William Mayne's prose style has a club foot. For the first few pages of ["A Game of Dark"], the phraseology seems awkward, ill-assorted and confusing…. And then very subtly Mayne's unique rhythms begin to assert themselves. The reader finds he has fallen into step with them and is no longer parsing sentences to get at their meaning. The gracelessness has become a kind of power instead, a power well suited to such a strange tale as this.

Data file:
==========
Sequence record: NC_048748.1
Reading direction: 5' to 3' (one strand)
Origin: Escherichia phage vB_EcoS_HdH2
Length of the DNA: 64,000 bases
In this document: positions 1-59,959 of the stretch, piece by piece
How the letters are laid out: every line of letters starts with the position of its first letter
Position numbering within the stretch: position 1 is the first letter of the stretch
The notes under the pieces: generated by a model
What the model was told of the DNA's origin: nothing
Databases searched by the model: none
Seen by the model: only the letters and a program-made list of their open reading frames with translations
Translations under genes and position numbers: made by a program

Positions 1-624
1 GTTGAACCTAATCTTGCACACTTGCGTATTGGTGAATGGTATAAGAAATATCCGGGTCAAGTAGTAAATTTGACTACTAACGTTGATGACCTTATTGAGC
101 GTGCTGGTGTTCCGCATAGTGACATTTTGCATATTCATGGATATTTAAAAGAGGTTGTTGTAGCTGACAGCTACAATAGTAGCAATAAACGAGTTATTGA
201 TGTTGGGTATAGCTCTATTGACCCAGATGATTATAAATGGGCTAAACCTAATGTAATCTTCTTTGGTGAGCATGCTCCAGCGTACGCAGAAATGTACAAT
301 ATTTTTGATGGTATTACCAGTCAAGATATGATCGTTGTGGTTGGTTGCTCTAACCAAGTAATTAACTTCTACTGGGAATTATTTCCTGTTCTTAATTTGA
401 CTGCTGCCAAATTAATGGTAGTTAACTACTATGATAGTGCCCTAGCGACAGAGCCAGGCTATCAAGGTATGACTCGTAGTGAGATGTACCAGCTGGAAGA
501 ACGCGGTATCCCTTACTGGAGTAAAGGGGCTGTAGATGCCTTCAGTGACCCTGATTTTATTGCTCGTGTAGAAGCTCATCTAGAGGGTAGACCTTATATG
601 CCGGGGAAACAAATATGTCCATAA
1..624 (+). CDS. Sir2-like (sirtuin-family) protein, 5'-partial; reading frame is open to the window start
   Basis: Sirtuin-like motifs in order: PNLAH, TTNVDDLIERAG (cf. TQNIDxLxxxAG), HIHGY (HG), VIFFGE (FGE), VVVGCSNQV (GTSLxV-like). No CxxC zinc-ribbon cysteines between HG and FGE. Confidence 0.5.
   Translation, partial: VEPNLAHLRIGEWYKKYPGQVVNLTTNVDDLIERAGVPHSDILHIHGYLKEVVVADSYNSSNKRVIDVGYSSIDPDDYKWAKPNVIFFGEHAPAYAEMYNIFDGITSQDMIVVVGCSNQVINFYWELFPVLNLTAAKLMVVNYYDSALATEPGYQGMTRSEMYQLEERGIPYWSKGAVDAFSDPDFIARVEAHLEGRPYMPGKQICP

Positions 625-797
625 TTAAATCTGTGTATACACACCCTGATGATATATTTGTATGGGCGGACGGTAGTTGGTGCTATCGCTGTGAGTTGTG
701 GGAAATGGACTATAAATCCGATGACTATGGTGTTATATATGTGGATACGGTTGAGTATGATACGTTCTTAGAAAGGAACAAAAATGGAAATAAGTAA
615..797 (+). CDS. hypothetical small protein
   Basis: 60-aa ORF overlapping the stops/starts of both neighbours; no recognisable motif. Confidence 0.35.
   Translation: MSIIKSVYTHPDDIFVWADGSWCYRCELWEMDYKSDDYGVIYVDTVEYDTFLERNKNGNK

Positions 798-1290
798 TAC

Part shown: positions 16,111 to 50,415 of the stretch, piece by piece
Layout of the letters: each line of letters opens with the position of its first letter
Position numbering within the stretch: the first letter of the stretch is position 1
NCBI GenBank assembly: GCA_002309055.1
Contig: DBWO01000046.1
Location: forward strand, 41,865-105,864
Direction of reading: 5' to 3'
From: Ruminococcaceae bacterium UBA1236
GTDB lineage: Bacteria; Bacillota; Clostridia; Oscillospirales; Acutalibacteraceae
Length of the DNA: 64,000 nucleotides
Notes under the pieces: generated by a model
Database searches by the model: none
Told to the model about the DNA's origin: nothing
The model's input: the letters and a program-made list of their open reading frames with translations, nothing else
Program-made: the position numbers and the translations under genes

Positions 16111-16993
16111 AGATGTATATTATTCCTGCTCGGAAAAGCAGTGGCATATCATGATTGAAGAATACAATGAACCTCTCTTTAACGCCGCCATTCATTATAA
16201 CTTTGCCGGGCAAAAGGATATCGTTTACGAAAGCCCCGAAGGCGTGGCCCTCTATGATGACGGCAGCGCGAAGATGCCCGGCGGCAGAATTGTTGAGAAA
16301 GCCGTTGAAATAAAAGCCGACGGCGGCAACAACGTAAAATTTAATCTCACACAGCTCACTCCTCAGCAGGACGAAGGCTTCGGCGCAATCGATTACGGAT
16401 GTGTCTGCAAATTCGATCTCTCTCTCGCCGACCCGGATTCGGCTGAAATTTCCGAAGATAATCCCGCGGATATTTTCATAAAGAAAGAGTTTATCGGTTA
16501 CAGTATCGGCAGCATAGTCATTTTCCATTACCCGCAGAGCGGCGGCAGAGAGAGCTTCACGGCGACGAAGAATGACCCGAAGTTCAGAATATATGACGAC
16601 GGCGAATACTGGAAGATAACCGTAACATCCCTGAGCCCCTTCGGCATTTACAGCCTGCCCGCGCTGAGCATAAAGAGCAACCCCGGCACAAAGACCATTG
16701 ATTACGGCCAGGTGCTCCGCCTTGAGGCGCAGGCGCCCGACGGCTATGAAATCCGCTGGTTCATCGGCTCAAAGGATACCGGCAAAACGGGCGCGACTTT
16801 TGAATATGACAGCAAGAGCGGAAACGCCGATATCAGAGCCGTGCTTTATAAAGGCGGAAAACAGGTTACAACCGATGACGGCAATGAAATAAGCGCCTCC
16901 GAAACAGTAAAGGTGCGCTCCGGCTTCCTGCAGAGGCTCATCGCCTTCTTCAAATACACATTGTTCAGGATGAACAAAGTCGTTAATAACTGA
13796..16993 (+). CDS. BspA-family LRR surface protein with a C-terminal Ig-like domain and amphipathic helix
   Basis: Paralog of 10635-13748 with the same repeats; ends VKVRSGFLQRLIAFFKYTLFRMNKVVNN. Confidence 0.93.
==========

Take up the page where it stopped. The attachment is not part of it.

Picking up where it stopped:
Donald Jackson is a 14-year-old boy who lives, in his English town, a life that is utterly bleak. His mother is humorless and withdrawn, his father an engrossed paralytic, and both, when they speak at all, are given to sermonizing…. Donald realizes that he neither...
(The entire section is 645 words.)